• "The second subgroup of studies modeled population plasticity of Th1/Th2 cell responses. These models included the processes of cross-regulation of Th1/Th2 cell responses either directly by cell-to-cell interactions or via production of Th1/Th2 cytokines (Fishman and Perelson, 1999; Yates et al., 2000, 2004; Bergmann et al., 2001, 2002; Fenton et al., 2008; Eftimie et al., 2010; Groß et al., 2011). Some of these models offered a theoretical explanation of the switch from an initially dominant pathogens-specific Th2 response to a later dominant Th1 response (or vice versa). "
    [Show abstract] [Hide abstract]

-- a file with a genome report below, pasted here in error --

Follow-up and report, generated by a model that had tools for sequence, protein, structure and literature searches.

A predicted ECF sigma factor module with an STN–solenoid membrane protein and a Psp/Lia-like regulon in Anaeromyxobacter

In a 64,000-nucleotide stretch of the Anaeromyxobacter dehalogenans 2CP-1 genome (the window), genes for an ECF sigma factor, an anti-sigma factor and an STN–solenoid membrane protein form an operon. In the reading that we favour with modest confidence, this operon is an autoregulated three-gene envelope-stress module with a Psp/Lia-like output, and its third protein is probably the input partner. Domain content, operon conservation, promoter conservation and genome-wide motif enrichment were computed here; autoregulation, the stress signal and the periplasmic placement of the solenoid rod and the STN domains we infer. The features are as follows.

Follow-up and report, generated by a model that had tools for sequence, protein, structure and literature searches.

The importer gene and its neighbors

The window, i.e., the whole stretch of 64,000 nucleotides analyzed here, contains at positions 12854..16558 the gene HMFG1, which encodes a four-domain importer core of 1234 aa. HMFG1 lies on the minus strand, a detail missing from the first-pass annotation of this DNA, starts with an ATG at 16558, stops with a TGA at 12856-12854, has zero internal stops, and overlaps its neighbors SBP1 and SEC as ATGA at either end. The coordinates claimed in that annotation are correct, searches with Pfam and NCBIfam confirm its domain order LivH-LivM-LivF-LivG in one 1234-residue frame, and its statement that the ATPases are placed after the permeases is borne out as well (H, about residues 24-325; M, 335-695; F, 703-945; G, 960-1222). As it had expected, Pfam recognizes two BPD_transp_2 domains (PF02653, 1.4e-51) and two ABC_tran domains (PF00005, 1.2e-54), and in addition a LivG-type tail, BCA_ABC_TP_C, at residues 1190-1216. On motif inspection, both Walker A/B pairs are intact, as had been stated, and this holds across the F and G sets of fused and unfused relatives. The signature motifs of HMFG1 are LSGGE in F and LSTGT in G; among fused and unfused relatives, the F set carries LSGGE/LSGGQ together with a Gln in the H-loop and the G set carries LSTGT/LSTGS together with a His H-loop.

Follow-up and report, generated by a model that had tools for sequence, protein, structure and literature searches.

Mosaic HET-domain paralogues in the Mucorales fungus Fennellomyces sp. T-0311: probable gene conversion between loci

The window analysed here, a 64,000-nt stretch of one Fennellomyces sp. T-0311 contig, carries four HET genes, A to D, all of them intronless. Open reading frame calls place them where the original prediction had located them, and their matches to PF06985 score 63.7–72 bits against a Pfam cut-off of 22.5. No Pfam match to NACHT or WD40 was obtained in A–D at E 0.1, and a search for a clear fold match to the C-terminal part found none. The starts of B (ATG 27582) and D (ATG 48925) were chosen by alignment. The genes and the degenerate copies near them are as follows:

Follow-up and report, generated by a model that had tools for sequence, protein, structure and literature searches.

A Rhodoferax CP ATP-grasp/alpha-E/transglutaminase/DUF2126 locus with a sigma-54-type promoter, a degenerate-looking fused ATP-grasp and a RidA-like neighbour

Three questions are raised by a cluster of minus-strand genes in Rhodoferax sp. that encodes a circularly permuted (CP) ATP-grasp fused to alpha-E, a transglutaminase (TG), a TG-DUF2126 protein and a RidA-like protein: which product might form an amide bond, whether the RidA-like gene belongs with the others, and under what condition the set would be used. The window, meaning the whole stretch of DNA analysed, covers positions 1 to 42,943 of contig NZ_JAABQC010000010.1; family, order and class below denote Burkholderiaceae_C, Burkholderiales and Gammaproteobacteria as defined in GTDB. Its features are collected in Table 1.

ABSTRACT: Vertebrates are constantly exposed to pathogens, and the adaptive immunity has most likely evolved to control and clear such infectious agents. CD4(+) T cells are the major players in the adaptive immune response to pathogens. Following recognition of pathogen-derived antigens naïve CD4(+) T cells differentiate into effectors which then control pathogen replication either directly by killing pathogen-infected cells or by assisting with generation of cytotoxic T lymphocytes (CTLs) or pathogen-specific antibodies. Pathogen-specific effector CD4(+) T cells are highly heterogeneous in terms of cytokines they produce. Three major subtypes of effector CD4(+) T cells have been identified: T-helper 1 (Th1) cells producing IFN-γ and TNF-α, Th2 cells producing IL-4 and IL-10, and Th17 cells producing IL-17. How this heterogeneity is maintained and what regulates changes in effector T cell composition during chronic infections remains poorly understood. In this review we discuss recent advances in our understanding of CD4(+) T cell differentiation in response to microbial infections. We propose that a change in the phenotype of pathogen-specific effector CD4(+) T cells during chronic infections, for example, from Th1 to Th2 response as observed in Mycobactrium avium ssp. paratuberculosis (MAP) infection of ruminants, can be achieved by conversion of T cells from one effector subset to another (cellular plasticity) or due to differences in kinetics (differentiation, proliferation, death) of different effector T cell subsets (population plasticity). We also shortly review mathematical models aimed at describing CD4(+) T cell differentiation and outline areas for future experimental and theoretical research.